I'm gonna have to respectfully disagree with a few things in your post. I grew up in NKY as well. I haven't lived in any rural areas, but I have been living in Louisville for 4 years now. I understand where you're coming from when you say that Louisville and Lexington get priority over the rest of the state - because that's how I used to feel too - but after moving here to Louisville, I've learned that that's basically just perception. Fact is, after moving to Louisville I learned exactly how much of a bigger city it is than anything in NKY - or anywhere else I've visited in the state, for that matter. Because of that reason, Louisville does get priority in a lot of circumstances. However, if a state give single city priority, and in doing so they can help nurture the place where they earn one-third of their GDP, and they can tend to more than a quarter of their state's total population all at the same time, then why on earth wouldn't you give that city a little priority? Would you suggest that the state give Mt. Olivet the same amount of attention and priority that it gives Louisville?

    As for the med school issue...firstly, I don't see the city of Lexington and the city of Louisville taking a stand against colleges in other parts of the state getting their own medical schools. University of Kentucky and the University of Louisville? Maybe....maybe they would lobby against that. But the actual city governments? I don't see that happening. And I DEFINITELY don't see the city government lobbying against the likes of NKU, WKU, and EKU starting grad school programs like you seem to have asserted in one of your posts.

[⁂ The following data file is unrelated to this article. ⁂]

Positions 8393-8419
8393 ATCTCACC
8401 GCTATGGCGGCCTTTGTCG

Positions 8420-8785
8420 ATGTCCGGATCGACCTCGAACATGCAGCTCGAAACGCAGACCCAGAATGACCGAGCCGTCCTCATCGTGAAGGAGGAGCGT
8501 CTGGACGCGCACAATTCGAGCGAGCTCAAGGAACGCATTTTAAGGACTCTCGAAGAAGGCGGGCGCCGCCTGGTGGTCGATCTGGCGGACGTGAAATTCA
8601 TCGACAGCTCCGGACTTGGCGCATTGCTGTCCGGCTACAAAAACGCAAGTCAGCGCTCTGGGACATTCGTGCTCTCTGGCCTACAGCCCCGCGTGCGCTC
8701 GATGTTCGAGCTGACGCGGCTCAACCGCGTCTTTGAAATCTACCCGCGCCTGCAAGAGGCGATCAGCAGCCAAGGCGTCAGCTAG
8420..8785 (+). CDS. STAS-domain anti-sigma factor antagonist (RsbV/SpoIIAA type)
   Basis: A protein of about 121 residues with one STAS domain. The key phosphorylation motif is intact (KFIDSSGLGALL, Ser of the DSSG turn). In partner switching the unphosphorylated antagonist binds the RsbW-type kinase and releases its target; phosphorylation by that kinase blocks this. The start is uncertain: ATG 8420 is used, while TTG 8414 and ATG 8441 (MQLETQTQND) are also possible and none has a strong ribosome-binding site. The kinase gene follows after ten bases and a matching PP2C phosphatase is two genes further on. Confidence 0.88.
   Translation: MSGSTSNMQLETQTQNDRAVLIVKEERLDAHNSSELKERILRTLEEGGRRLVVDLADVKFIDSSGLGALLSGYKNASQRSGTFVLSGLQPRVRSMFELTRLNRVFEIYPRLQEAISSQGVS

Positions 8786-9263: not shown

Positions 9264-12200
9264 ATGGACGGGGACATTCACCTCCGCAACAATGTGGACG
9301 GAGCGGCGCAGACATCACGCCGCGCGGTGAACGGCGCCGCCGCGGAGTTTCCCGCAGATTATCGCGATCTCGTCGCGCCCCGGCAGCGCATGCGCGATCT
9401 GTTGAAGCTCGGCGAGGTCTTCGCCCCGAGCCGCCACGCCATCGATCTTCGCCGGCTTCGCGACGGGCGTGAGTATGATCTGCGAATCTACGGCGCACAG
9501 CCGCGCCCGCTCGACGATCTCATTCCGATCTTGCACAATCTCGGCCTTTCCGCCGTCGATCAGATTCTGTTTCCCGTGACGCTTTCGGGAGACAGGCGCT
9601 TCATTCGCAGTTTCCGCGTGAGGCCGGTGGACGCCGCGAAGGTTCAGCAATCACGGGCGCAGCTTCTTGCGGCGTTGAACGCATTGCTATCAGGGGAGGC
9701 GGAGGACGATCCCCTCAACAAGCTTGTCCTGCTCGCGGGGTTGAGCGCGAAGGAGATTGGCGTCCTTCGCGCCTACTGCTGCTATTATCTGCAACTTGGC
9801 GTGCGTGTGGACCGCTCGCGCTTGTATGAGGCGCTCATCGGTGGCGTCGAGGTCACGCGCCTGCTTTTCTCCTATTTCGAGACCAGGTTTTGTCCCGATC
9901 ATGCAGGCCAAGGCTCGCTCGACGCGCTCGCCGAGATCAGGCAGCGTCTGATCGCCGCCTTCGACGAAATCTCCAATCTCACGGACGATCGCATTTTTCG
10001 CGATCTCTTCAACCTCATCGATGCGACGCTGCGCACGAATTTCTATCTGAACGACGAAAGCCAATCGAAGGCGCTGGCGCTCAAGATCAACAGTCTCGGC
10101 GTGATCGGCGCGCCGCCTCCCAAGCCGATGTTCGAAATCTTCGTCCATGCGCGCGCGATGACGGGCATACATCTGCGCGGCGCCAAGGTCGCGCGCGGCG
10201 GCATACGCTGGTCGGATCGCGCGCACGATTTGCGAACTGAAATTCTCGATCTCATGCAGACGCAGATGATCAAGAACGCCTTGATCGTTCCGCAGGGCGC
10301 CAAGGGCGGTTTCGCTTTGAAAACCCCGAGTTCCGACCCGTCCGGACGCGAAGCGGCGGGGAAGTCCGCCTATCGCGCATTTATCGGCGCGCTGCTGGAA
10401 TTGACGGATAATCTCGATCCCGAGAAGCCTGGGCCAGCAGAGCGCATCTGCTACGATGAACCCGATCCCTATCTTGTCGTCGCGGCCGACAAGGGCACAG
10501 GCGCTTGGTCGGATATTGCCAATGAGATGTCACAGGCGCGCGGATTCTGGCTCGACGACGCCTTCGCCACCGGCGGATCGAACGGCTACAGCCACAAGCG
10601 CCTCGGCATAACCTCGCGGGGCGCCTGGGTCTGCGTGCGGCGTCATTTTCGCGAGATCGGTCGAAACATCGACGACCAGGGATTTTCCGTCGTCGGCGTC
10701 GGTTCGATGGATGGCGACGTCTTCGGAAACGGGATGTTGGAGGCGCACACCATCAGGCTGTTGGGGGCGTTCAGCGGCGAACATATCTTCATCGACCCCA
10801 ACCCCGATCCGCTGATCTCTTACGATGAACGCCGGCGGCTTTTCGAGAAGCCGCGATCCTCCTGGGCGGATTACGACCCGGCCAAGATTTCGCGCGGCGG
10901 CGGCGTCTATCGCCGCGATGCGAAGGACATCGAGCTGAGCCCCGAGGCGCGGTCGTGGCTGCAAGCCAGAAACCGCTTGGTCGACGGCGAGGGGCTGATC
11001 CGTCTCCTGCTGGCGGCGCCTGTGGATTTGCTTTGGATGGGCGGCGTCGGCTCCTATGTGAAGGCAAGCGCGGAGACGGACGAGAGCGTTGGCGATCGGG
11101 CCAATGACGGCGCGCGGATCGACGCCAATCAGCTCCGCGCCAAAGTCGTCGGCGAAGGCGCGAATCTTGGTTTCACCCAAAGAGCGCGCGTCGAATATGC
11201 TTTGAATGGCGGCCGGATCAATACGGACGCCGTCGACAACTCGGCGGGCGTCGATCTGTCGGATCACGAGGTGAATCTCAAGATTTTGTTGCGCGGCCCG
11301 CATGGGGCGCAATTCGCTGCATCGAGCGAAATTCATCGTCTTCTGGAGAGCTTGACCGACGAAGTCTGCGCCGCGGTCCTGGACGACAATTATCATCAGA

Also regarding the med school discussion, starting a med school takes a lot of things, including the ability to produce a certificate of need. Sure, rural areas need more doctors...but starting a medical school at the nearest college or university doesn't necessarily mean more doctors will practice there. Look at the med school at Pikeville...they have to send their doctors all over the place - in other states even - just to complete the various medical rotations they need to complete in order to get through all the requirements of their degree. Why? Well, because Pikeville isn't a huge metro area. There aren't medical offices, clinics, and specialists in Pikeville to fulfill all of the educational needs of those med students. Do we need another medical school in Kentucky? Maybe. Maybe not. It's tough to say, really...but we do have two MD programs and one DO program in our state, and there are plenty of states with less than that. Let's just not act like the biggest hurdle for WKU starting a medical school was the university presidents at UK and UofL, or the politicians you're saying they had backing their pushback.